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Ways Mobile App Can help Small Businesses

So you have a small business? There’s a Mobile App for that.

Unfortunately for them and fortunately for you, most small business owners don’t know this marketing medium’s untapped value. Yes, also for small companies. And for small enterprises in particular.

If you care about SME marketing, you’re probably at least contemplating whether or not your company wants or needs a mobile app. With about 3 million applications each in Google Play and the App Store, you may even find the competition becomes saturated, so why bother?

Or maybe you’ve already spent time and money, creating an awesome mobile website, so your customers are protected when they want details about your company. It makes sense on the paper. But ask yourself the following questions:

  • How often does a client take a photo of the product on your website and post it on their social media?
  • Does your website notify you when a respected customer walks in your door?
  • Can the website offer exclusive rewards and discounts to consumers with a strong social impact?
  • Can your website offer consumers discounts and rewards when they are within a certain range of your store?
  • Does your website tailor your shopping experience based on daily visitors?

These are only a few indicators of your mobile app’s intrinsic commercial advantage compared to a mobile website. And with in-app capabilities such as biometrics, geolocation, sensors, and cameras, the possibilities are almost infinite. Are you still asking if your small company needs a mobile app? Consider the feature of the smartphone.


Mobile App Swiftspeed Appcreator

If you’re in business, you know that mobile app is where the action is today—the numbers don’t lie. Since 2008, the average smartphone user has gone from spending only a few minutes a day on his computer to spending almost three hours exploring digital mobile media. Mobile usage surpassed desktop for the first time in 2014, and this pattern is increasing year on year.

More significantly, about 90 percent of those 3 hours were mobile uptime for several customers.

If you’re betting on your desktop website to get your customers’ attention, you may want to think again.

Do you need more proof? In November 2013, Google launched research mapping the purchase path for mobile consumers across nine verticals, including restaurants, travel, lifestyle, fitness, automobile, home, and garden. The findings were surprising: just 48 percent of users started their mobile search quest, so far below the number of users using a desktop search.

Here is what Mobile App Marketer Should Know:
  • Consumers are more reliant than ever on their mobile devices as they travel down the path to purchase.
  • Consumers need information on demand—and proximity is the secret to conversion; geolocation systems allow companies to predict and satisfy their consumers’ needs.
  • Digital marketing is the secret to capitalizing on impulse buying by offering a highly customized shopping experience.

Mobile App, Fitness App Swiftspeed Appcreator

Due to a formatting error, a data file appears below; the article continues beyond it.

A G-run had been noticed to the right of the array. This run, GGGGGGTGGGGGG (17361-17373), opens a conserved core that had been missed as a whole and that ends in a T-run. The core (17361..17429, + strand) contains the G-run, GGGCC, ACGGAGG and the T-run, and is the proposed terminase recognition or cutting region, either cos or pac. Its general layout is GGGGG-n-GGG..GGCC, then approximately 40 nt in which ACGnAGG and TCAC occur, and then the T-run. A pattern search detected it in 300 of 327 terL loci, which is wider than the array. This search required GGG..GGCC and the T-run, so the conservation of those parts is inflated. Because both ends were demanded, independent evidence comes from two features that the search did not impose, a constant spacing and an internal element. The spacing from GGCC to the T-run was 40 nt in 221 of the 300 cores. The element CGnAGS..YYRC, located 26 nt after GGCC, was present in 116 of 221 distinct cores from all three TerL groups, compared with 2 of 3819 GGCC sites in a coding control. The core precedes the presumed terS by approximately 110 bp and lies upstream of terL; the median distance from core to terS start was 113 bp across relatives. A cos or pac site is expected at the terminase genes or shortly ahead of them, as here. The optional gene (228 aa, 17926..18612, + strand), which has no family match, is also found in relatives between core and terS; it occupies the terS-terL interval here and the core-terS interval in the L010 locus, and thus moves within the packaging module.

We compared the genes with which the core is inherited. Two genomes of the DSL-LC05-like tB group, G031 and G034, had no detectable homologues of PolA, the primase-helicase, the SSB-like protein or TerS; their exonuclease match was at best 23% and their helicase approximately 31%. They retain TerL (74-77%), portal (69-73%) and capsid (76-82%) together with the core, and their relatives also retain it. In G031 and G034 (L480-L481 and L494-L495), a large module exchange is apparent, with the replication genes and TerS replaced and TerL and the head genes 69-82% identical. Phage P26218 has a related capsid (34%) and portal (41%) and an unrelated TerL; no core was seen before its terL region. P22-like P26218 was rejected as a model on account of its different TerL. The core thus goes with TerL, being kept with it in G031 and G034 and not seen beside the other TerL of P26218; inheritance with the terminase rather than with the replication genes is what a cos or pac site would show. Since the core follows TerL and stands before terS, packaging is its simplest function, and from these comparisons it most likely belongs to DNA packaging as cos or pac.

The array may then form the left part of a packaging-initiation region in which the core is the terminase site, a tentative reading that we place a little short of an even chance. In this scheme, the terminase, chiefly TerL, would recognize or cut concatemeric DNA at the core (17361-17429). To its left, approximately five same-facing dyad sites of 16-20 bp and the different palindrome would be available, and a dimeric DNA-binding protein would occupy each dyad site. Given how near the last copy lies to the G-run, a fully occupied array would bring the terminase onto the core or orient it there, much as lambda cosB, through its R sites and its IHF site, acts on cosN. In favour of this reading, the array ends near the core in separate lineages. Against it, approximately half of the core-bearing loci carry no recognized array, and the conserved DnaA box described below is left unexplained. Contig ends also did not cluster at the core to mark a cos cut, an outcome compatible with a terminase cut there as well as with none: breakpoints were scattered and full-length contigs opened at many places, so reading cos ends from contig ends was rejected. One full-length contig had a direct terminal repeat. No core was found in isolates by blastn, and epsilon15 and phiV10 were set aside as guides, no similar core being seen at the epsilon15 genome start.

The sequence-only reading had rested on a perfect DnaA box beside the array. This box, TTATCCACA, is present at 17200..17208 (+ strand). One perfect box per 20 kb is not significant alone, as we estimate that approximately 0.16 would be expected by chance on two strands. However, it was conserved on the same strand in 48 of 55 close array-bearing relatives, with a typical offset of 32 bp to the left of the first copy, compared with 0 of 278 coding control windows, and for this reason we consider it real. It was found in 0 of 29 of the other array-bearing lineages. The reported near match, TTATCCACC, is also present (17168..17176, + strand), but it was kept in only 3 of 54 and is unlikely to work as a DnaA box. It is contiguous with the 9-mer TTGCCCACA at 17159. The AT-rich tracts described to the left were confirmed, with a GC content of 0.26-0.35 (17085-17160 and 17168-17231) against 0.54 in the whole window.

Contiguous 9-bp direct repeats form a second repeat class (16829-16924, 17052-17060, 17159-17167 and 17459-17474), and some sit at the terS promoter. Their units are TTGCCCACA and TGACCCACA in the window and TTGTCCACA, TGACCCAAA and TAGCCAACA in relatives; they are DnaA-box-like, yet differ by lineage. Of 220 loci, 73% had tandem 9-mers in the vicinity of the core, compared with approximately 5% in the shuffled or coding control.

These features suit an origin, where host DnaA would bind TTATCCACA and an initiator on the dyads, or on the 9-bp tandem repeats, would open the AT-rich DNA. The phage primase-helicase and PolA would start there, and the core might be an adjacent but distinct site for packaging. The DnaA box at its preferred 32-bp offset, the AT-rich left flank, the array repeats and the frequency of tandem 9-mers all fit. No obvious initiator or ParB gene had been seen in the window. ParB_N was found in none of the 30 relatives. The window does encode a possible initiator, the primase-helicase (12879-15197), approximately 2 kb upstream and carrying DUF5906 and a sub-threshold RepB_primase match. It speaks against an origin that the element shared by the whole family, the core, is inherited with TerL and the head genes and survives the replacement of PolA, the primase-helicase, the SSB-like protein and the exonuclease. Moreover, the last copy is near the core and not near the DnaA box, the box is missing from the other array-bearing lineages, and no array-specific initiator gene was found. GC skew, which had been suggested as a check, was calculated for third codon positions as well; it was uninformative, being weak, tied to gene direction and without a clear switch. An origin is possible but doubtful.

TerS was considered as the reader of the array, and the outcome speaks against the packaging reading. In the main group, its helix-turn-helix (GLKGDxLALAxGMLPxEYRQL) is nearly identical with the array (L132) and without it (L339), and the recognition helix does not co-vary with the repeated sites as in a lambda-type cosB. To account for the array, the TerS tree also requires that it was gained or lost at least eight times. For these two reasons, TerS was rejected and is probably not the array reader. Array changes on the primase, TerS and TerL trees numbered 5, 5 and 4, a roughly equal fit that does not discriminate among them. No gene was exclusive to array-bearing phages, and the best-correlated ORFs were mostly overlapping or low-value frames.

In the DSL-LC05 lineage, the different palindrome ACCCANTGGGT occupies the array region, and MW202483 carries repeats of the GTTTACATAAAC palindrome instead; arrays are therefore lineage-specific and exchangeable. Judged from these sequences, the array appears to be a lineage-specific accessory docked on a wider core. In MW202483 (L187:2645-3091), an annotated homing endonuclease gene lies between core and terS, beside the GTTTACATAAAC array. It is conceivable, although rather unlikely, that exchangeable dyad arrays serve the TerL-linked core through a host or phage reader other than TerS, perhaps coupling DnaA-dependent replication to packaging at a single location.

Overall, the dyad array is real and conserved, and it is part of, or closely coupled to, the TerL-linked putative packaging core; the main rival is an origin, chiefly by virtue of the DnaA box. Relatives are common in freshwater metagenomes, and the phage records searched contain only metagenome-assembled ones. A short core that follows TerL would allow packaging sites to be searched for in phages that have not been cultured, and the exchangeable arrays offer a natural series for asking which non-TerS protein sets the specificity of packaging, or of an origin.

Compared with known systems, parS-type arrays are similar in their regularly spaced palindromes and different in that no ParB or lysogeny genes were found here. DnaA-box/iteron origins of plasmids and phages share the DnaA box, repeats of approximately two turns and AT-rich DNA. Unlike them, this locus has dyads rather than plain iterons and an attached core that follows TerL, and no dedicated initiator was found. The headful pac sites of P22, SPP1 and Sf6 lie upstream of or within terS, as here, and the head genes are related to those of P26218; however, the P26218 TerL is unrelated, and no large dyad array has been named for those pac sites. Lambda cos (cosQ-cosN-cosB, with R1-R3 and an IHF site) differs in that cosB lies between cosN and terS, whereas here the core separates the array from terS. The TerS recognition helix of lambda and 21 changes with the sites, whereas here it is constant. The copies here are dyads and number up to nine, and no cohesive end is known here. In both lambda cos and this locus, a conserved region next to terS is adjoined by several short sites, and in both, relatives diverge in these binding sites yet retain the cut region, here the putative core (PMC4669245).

Example of a mobile fitness app.

My Mobile Website Conversion is Fine; why Do I Need A Mobile App Again?

This is a popular concern for small to medium-sized businesses with minimal finances and budgets. The greatest part of this is that mobile marketing for websites and applications is not an idea; in reality, mobile websites and native apps work hand-in-hand to meet your marketing goals and advance your revenue targets. Here are the features and benefits of both mobile websites and mobile applications.

Fitness App Swiftspeed Appcreator

Mobile Website Mobile App
Marketing Objective Attracting new customers Creating loyal customers
Mechanism of Use Open a browser, and type the website URL Tap an icon on the smartphone screen
User Interaction The customer completes an activity, exits. Open, two-way, and ongoing; push notifications to enable on-demand communication.
Marketing Advantage More responsive to search queries (in most cases) Engagement, loyalty, and ease of use. App “lives” on the user’s device.


Businesses who restrict their digital footprint to a responsive website face the “buy and bye” scenario: a client discovers you on mobile search, stores or even orders, and leaves, maybe forever. On the other hand, businesses that rely exclusively on mobile app marketing can miss out on attracting potential consumers together.

The most active advertisers use their smartphone website to draw potential users and persuade them to download their app—creating an incentive for lucrative, enduring relationships by increasing engagement, building loyalty, expanding the social reach, and providing highly customized shopping experiences.

 Does it Really Make Sense Having A Mobile App For Your Business?

This is a question you should ask yourself before we proceed any further. If the answer is no, you do not need to read on.

The fact is, applications fit well for most small businesses, but they’re not perfect for everyone.

If you can confidently answer yes to the following questions, consider designing a mobile app for your small business:

1. Will you profit from being able to be in touch with your customer 24/7?

Simple question, huh? Who wouldn’t like to be able to reach customers everywhere they are?

2. Can you give your brand fun and productive mobile experience?

This one will be tricky for some small business owners to answer, so don’t be quick to answer with a no. And if you’re selling items, you can build a mobile app that mixes fun and social functionality with incentives and discounts. Give this some innovative thinking before you turn down the concept of a mobile app. And if you’re confused about it, keep reading. Inspiration will hit before you enter the end of this article.